COVID-19 Closure Impacts on Food-related,
Non-chain, Retailers Businesses
in Selected New York City Communities
NYU CUSP & NYU URBAN MODELING
The COVID-19 pandemic created devastating effects for small businesses, despite large, targeted relief programs. As such, this project uses the Spring 2020 New York State COVID-19 PAUSE order as a stressor for business closure to identify small business resiliency factors to inform both urban planners and business owners. Three modeling approaches were tested to identify socio-economic, spatial, and business characteristics associated with business closures. This was done for 2,186 food related retail businesses in eight zip codes in New York City. Footfall data from cell phone signals were used to identify small businesses, their type, operational status, and monthly customer visits. Supplementary analysis was done with data from path tracking of 2,215 individuals leaving eight healthcare facilities. Our three methods allowed us to predict the accuracy of business closures at rates between 86% and 95%. Lower commercial diversity and larger distances to subway stops correlated with a higher risk of business closures. Using path data, we found that businesses between healthcare facilities and subway stops appeared less likely to close than others. These findings show the value of diverse commercial development near transit areas.
Identify factors affecting small, food-related retail business survivability with respect to socio-economic factors, retail characteristics, built environment features, and changes in nearby foot traffic.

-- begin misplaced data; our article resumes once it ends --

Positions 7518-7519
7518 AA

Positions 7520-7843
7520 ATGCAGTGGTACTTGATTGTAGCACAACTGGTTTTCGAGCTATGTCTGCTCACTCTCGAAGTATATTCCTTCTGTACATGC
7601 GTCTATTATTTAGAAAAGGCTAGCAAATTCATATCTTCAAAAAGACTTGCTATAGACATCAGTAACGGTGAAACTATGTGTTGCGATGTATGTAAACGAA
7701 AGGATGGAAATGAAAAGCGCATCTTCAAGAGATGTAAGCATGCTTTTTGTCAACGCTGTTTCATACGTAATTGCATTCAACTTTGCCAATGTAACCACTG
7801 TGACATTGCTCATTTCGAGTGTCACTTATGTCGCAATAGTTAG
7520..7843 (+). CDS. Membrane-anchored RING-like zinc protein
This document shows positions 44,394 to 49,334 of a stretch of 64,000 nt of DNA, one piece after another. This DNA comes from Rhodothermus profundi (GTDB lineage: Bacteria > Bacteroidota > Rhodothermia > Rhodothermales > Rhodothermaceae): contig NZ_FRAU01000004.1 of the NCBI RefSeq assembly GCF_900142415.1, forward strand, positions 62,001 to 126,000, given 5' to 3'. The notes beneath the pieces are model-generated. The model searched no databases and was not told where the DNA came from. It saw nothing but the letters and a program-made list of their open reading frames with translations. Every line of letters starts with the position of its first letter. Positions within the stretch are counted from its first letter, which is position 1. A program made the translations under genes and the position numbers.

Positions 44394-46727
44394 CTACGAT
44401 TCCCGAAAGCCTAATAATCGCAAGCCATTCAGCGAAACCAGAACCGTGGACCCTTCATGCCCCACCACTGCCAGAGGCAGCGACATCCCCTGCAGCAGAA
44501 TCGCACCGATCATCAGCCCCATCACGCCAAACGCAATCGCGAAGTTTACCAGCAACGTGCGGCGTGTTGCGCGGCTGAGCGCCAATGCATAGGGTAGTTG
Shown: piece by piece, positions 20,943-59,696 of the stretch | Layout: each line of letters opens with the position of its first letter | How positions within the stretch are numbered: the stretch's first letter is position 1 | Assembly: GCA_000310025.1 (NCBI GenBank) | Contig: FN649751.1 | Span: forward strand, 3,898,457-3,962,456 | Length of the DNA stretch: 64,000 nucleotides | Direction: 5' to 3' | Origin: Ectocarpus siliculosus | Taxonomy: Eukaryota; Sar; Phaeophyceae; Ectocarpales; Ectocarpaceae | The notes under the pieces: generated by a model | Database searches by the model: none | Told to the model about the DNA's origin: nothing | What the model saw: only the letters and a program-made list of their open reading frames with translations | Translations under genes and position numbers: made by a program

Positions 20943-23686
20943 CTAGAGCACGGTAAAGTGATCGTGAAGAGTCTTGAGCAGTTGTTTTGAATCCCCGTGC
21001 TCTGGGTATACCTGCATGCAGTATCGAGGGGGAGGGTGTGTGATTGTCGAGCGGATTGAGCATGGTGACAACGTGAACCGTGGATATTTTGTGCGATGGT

Consider how hyper-local patterns related to the presence of significant institutions could be used as further predictors of business survivability.
Their Core Places (business listings) and Patterns (aggregated cell phone detection) were used from January 2019 through May 2021. This dataset contains monthly geospatial records of POI information.These data were used to identify closed businesses and analyze changes in foot traffic over time.
NYU URBAN MODELING
DETER Data records daily individual behaviors when leaving medical centers and urgent cares, including the businesses they stopped, final destination, types of PPE they wore, and their touch-based interaction with the environment. This dataset was collected from January 2021 to May 2021.
Multi-source data were used as prediction variables from:
Building Footprint Data
NYC Street Centerline (CSCL)
American Survey Data
Transportation Location Data
Bus Stop Shelters)
Step 1 :
Subsetting and Auditing Safegraph Data
Our group limited our initial analysis to food-related businesses in eight zip codes.
Closed small businesses could be identified according to their “closed_on” column in the Safegraph data.
Our group limited business closures to closures occurring in February 2020 to focus our analysis exclusively on businesses that were open at the onset of the Covid-19 pandemic.
POI Closure Status
We identified 2186 food-related small businesses in the Safegraph data, 93 of which were permanently closed after March 2020. The five categories of food-related businesses showed slight differences in the percentage of closures.To understand the operation situation of POI in each zip code, we calculated the closing rates respectively and compared them with the social vulnerability index(SVI)The higher the SVI score, the more social vulnerability in that area, meaning that the area may need more resources to thrive.
Our group’s findings suggest that foot traffic, combined with a complex combination of urban features promotes business resiliency. A change in foot traffic likely reflects a loss in revenue for a business. For the foodservice restaurants our study considered, this could include grocery delivery, delivery food, or a decision to forego eating out altogether. Beyond foot traffic, we found that commercial proximity and subway proximity both were associated with resilient businesses. The commercial density would be a proxy for how many different types of businesses are available in an area.